Teradata Stored Procedures – Error Handling

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Teradata Stored Procedures

Overview

Error handling in Teradata Stored Procedures is condition based, having the same functionality offered by modern programming languages (C++, Java, etc.).

Without the availability of state-based error handling one would need to implement and invoke code for each type of error and at each code location where the error could occur.

Not only is this a tremendous effort from a development point of view, but some error handling can easily be forgotten about.

Below you can see one example of such a programmatic approach, handling division by zero errors.

REPLACE PROCEDURE DIVISION_BY_ZERO (IN n INTEGER)
BEGIN
DECLARE x INTEGER DEFAULT 10;
— Error Handling programmatically
CASE
WHEN n = 0 THEN SET x = 0; ELSE SET x = (x/ n);
END CASE;
END;

CALL DIVISION_BY_ZERO(0);

When using error handlers, the handler code for a certain error is defined once within the handler and executed automatically each time the error condition is raised.

Below you see the division by zero problems solved with an error handler. The error code ‘22012’ is returned in case of a division by zero error:

REPLACE PROCEDURE DIVISION_BY_ZERO (IN n INTEGER)
BEGIN
DECLARE x INTEGER DEFAULT 10;
DECLARE EXIT HANDLER FOR SQLSTATE ‘22012’ SET x = 0; — Error Handler

SET x = (x/n);
END;

CALL DIVISION_BY_ZERO(0);

 

It is possible to define error handlers which are responsible for all errors or warnings (generic handlers), they will be executed if a particular error handler does not already cover an error/warning.

The developer does not need to know in advance all possible kind of errors and warning.

Generic handler is usually used to do the cleanup before exiting a stored procedure. See below two examples for generic exception and warning handlers:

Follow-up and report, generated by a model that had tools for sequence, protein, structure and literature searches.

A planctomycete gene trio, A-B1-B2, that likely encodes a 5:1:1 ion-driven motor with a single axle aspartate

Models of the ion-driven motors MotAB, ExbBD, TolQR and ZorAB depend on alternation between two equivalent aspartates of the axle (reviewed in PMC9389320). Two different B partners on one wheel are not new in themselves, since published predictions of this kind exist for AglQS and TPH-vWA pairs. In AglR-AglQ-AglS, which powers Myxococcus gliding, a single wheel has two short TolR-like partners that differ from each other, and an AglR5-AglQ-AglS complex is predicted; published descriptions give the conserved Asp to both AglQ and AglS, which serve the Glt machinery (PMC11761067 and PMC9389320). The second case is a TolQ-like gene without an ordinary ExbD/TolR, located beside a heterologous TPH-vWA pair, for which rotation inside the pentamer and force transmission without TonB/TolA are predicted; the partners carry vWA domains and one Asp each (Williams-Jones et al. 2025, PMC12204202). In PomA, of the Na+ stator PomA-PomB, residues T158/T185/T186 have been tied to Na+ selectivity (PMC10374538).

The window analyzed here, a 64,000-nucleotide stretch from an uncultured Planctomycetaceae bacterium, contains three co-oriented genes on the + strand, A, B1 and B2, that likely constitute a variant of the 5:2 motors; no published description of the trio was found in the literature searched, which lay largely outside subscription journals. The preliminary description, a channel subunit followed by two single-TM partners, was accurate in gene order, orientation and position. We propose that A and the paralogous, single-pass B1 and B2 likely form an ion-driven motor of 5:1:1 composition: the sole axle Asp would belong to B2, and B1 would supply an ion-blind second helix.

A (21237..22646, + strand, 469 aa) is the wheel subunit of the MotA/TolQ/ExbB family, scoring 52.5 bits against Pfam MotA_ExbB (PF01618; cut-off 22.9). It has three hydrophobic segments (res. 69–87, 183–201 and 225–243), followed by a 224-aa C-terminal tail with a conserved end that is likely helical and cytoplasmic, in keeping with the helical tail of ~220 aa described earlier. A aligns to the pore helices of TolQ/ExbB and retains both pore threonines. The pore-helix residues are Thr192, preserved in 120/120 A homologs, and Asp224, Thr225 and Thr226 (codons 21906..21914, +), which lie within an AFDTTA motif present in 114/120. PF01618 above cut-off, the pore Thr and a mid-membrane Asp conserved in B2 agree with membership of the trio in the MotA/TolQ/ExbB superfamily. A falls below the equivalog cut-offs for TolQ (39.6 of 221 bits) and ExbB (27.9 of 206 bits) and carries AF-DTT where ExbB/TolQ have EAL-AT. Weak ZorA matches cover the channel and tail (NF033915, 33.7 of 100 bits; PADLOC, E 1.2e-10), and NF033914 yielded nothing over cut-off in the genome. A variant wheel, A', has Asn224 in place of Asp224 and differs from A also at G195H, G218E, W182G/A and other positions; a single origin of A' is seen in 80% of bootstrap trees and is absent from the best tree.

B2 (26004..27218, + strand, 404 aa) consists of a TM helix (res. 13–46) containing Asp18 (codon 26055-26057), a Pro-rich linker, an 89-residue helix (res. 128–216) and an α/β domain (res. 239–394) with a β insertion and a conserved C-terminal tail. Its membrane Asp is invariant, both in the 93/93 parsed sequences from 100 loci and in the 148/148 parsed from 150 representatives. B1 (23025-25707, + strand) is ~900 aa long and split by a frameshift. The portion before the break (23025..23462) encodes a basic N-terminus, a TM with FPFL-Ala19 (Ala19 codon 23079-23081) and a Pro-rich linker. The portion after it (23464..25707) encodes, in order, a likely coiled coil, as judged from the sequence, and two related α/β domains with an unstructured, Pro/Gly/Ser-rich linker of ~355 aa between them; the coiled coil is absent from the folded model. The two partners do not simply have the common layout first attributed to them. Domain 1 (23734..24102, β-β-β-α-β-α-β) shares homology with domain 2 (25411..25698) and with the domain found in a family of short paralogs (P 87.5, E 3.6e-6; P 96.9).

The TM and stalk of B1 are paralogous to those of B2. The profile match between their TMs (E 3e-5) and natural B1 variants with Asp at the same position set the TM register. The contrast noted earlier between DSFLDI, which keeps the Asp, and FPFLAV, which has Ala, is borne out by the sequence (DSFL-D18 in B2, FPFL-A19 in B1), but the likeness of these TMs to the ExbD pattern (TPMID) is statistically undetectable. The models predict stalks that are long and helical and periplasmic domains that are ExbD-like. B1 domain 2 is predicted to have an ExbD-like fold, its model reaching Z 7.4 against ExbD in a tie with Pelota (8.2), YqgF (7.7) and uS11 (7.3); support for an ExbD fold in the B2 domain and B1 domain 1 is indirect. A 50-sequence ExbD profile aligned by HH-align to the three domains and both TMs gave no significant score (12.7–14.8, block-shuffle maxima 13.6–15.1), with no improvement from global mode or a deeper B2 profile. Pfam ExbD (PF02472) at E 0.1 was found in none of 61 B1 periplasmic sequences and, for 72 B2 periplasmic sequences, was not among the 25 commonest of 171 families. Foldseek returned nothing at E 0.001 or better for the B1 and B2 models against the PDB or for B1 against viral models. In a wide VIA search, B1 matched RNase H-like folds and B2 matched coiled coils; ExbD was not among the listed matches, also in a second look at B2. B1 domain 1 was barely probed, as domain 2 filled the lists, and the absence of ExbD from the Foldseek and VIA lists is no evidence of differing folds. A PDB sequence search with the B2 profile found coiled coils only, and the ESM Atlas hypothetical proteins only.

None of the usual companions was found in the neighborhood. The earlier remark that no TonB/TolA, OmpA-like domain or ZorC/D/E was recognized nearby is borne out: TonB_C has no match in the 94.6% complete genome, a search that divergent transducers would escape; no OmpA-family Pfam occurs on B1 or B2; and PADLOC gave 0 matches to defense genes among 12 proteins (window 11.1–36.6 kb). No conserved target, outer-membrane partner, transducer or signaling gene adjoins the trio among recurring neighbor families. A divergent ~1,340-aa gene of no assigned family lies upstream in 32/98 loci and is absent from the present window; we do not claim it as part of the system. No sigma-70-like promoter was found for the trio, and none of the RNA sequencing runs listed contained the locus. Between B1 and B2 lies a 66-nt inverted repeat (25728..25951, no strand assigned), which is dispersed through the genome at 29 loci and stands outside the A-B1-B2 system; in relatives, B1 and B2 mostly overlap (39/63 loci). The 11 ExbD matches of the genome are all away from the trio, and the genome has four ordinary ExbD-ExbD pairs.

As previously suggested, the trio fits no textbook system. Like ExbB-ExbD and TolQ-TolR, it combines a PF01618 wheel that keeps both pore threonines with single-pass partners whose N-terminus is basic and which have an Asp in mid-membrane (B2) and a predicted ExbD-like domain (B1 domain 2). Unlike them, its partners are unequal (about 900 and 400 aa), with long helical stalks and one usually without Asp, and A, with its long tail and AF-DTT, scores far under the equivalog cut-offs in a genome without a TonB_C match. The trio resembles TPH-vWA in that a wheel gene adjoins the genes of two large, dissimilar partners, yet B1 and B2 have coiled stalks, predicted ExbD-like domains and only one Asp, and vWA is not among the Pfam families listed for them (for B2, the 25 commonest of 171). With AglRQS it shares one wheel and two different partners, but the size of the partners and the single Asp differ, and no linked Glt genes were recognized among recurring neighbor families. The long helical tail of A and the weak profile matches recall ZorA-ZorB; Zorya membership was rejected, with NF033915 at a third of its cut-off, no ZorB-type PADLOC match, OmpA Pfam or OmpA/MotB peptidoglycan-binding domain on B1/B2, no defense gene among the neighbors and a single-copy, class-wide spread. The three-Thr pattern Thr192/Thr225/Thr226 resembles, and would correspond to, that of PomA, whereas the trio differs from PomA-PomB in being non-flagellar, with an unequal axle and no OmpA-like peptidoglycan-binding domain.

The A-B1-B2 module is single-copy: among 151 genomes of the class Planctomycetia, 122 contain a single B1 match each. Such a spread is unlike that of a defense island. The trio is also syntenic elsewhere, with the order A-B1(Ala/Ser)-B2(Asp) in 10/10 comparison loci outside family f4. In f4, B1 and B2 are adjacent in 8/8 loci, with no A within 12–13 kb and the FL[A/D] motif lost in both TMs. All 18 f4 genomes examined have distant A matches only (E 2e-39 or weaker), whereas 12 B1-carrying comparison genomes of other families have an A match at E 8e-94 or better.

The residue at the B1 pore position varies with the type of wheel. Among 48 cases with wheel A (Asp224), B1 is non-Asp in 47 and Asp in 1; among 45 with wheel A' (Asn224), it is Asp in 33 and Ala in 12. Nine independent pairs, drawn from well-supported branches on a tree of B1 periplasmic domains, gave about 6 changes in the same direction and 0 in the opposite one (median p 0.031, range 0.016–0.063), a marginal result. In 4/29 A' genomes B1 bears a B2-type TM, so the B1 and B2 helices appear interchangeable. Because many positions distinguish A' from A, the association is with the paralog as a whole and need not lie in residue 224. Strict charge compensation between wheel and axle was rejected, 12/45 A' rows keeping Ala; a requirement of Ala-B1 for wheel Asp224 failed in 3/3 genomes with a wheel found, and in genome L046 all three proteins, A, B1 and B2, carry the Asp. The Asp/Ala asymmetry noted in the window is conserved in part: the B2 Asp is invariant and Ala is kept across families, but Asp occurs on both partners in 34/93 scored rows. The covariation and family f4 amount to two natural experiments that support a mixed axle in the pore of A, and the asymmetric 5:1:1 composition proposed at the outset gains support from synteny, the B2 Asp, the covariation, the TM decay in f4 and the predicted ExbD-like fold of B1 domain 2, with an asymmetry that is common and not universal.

DECLARE CONTINUE HANDLER FOR SQLEXCEPTION SET x =0;
DECLARE CONTINUE HANDLER FOR SQLWARNING SET x =0;

Each stored procedure can have exactly

• One generic handler for exceptions (SQLEXCEPTION)
• One generic handler for warnings (SQLWARNING)
• One generic handler in case a cursor does not return any data (NOTFOUND)
• Per code block (BEGIN…END) and error code exactly one specific handler
The same error code can be handled in different code blocks.

Within a stored procedure, all executed SQL statements return a status which can be: completed, warning or exception. Exceptions and warnings can be handled by an error handler.

The status of each executed SQL statement is returned in the read-only variable SQLSTATE. This available is implicitly available in each Stored Procedure usually, is used within generic error handlers to find out further details about an error or warning.

There exists another read-only variable called SQLCODE, but it is obsolete and should not be used anymore.

SQLSTATE consists of 5 characters. The first two characters define the error class. The remaining three characters represent the error.

Many of the error codes returned by Teradata are mapped 1:1 to the SQLSTATE variable (but not all of them). For example, the Teradata error code 3776 is assigned to T3776 (Error class T3 = Teradata 3).

There are two main types of error handlers: Exit handlers and continue handlers.

The Exit Handler